TOMS, Margot Quainton
July 26, 1954 - November 16, 2002
Dear Margot,
This is the tenth anniversary of your passing. You were diagnosed with breast cancer in 2000. For the next two years you fought a courageous battle. Every report regarding your illness was worse than the one before. The process you endured for two years was truly brutal. Despite the cancer leaving you blind and partially paralysed, not once did you ask "Why me?" say "It isn't fair" or complain in any manner whatsoever. Nor did you lose your sense of humour. You listened to music, sang and enjoyed your remaining life to the fullest extent that you could. In the end the cancer claimed your life but it could not break your spirit. I knew you since you were fourteen years old. We grew up together and were married when you were twenty years old. As I reflect back on your life, it was one wherein you always displayed honesty, integrity, compassion and a kind and positive spirit. You never once gave voice to envy, jealousy, or a mean thought regarding anyone. You were as close to perfect as is humanly possible. I regret and apologize to you that I did not notice that something was wrong with you sooner. You found the lump in your breast yourself, but it was too late. I should have noticed. You always looked after me. Unfortunately, I failed you. I am glad that you did not know that I was diagnosed with bone marrow cancer within weeks of your death. I was not expected to live a year. Forward thinking treatment by a fabulous Doctor, Doctor Janis Bormanis, saved my life. Continuing cutting edge treatment by another fabulous Doctor, Doctor Linda Lacroix, has stabilized my cancer and dramatically enhanced my quality of life. I also owe gratitude for the superb care that I have received in the Medical Day Care Units, first at the Civic Hospital and now at the Montfort Hospital. The nurses, in the MDC Units, with their kind care, compassion and humour have made my many treatments a blessing. As well, I have no doubt that you, Margot, are the angel who is sitting on my shoulder watching over me. Even though I have a long way to go, you made me a far better man than I ever would have been without knowing you. I have met and married another wonderful woman. I am well aware that I do not deserve my good fortune. To honour you, I am trying my best to live as did you and to embrace life. Margot, thank you for all that you did for me. You gave me a beautiful life. I will remember you with admiration and love for as long as I live.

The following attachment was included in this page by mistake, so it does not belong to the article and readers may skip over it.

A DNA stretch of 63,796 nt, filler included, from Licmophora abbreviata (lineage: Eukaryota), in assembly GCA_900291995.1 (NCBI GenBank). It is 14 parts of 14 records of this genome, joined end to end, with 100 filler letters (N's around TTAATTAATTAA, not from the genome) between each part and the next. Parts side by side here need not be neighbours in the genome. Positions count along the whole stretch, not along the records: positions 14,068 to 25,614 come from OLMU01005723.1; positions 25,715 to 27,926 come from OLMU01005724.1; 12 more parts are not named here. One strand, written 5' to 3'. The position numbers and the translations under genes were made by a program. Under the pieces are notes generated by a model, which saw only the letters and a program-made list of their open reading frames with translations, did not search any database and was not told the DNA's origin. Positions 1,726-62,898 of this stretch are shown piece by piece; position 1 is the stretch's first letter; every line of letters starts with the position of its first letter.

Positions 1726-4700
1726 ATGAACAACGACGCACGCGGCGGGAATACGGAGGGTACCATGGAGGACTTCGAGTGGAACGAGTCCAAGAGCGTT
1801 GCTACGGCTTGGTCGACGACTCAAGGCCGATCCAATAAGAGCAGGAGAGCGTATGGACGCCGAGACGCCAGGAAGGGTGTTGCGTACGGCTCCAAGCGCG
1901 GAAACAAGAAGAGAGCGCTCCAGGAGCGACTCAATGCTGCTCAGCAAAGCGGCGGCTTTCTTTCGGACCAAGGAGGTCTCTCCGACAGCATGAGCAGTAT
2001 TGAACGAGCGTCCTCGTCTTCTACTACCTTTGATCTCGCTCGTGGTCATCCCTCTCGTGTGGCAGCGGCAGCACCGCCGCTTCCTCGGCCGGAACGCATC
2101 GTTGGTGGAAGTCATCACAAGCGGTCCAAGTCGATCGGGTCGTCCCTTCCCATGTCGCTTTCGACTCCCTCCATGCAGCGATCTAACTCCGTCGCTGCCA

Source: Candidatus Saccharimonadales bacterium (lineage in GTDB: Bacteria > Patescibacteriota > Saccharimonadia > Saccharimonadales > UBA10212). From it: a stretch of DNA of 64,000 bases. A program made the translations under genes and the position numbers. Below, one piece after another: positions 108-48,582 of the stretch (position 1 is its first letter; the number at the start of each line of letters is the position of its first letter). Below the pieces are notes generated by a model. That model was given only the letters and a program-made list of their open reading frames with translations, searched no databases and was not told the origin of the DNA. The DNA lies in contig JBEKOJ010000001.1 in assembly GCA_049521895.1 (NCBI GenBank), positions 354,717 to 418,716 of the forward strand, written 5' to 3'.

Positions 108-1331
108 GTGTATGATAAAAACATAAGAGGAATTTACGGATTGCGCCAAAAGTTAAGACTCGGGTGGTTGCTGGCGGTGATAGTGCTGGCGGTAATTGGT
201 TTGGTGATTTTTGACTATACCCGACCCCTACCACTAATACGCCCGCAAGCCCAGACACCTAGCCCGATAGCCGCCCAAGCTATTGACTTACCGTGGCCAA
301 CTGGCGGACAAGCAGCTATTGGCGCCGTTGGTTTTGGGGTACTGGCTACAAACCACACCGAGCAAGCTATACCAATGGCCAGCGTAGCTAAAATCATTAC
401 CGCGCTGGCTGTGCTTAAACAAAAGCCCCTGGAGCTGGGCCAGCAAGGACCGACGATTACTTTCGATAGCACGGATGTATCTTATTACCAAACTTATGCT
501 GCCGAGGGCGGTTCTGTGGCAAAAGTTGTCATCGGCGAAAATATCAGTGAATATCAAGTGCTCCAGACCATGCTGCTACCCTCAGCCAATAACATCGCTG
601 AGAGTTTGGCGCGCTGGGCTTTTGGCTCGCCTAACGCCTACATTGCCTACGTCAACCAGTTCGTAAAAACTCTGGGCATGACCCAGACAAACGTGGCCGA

Published in The Ottawa Citizen on Nov. 16, 2012